Michelle Obama reflects on US Capitol breach: 'I hurt for our country'

Former first lady Michelle Obama said Thursday, “I hurt for our country” in a statement reflecting on Wednesday’s US Capitol breach that left four dead and engulfed the nation’s capital in chaos.

“All I know is that now is a time for true patriotism. Now is the time for those who voted for this president to see the reality of what they’ve supported—and publicly and forcefully rebuke him and the actions of that mob,” Obama said.
Wednesday’s episode, she said, “left me with so many questions — questions about the future, questions about security, extremism, propaganda, and more. But there’s one question I just can’t shake: What if these rioters had looked like the folks who go to Ebenezer Baptist Church every Sunday? What would have been different?”
“I think we all know the answer,” Obama wrote.
    Shortly after 1 p.m. ET Wednesday, hundreds of pro-Trump rioters pushed through barriers set up along the perimeter of the Capitol, where they tussled with officers in full riot gear, some calling the officers “traitors” for doing their jobs. About 90 minutes later, police said, demonstrators got into the building and the doors to the House and Senate were being locked. Shortly afterward, the House floor was evacuated by police.
    Only after pleading from aides and congressional allies inside the besieged Capitol did President Donald Trump release a video urging the rioters to “go home,” while still fanning their baseless grievances about a stolen election.
    In the video, he also praised the crowd, who had broken into the Capitol using force, stolen items from its rooms and posed for photographs in the legislative chambers. “We love you,” Trump said. “You’re very special.”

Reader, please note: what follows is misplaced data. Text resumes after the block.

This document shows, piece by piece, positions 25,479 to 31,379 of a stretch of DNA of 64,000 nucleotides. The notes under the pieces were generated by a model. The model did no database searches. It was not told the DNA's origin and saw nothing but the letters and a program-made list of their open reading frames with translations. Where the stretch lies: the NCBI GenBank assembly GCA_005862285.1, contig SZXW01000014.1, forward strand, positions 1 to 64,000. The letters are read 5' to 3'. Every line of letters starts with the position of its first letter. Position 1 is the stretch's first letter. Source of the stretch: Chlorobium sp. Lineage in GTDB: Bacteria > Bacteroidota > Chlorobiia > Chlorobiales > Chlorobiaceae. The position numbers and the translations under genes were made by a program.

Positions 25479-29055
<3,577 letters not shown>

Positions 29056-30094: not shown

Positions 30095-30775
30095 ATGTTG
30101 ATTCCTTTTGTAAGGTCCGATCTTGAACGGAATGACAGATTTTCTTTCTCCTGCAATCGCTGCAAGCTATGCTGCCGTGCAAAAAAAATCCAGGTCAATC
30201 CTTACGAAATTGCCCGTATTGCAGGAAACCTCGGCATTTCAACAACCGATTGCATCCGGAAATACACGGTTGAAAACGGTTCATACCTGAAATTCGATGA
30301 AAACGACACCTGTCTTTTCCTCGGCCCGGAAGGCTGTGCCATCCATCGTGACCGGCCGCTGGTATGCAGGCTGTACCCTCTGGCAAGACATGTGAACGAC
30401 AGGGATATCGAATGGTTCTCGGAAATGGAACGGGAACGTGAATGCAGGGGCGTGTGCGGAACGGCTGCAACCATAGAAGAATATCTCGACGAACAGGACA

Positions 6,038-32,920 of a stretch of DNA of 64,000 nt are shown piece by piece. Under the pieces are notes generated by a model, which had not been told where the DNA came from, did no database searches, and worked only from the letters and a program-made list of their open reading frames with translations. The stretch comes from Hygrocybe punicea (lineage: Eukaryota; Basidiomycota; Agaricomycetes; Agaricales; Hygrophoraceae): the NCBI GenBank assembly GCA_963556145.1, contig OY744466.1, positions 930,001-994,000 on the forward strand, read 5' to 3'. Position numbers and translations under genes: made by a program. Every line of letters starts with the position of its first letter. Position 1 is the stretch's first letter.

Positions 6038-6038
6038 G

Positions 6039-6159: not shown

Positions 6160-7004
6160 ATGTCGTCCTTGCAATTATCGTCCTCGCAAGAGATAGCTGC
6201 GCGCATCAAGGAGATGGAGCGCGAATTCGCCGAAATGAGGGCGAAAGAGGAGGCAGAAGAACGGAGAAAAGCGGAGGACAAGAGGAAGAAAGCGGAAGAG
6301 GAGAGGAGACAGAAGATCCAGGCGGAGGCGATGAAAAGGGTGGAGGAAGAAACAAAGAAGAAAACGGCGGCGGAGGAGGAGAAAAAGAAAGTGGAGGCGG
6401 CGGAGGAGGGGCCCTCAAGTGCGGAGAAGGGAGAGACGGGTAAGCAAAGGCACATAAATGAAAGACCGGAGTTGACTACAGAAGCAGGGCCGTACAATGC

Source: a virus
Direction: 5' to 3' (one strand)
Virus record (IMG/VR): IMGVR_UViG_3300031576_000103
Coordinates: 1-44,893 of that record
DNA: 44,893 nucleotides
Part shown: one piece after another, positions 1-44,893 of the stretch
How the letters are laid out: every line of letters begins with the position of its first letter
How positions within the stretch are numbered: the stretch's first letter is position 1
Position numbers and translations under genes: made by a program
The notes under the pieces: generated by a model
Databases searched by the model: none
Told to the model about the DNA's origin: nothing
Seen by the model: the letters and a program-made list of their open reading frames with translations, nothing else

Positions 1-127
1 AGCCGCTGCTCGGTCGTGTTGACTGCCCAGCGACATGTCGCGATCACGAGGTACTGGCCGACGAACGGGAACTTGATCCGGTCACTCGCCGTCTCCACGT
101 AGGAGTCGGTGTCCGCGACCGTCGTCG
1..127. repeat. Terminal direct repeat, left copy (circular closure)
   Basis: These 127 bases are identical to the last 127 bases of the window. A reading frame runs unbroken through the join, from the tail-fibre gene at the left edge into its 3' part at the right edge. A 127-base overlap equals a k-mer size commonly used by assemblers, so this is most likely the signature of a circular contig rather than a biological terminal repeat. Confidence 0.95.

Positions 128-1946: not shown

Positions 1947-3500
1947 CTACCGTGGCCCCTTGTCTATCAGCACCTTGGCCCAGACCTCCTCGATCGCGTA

As a result, Facebook and Twitter took the extraordinary step of locking Trump’s accounts on their platforms — something Obama maintained should be permanent.
    “Now is the time for Silicon Valley companies to stop enabling this monstrous behavior—and go even further than they have already by permanently banning this man from their platforms and putting in place policies to prevent their technology from being used by the nation’s leaders to fuel insurrection,” she said.
    “And if we have any hope of improving this nation, now is the time for swift and serious consequences for the failure of leadership that led to yesterday’s shame.”
      Obama concluded her statement by positing that “the work of putting America back together” will be “an uncomfortable, sometimes painful process.”
      “But if we enter into it with an honest and unwavering love of our country, then maybe we can finally start to heal.”

      Comments are closed.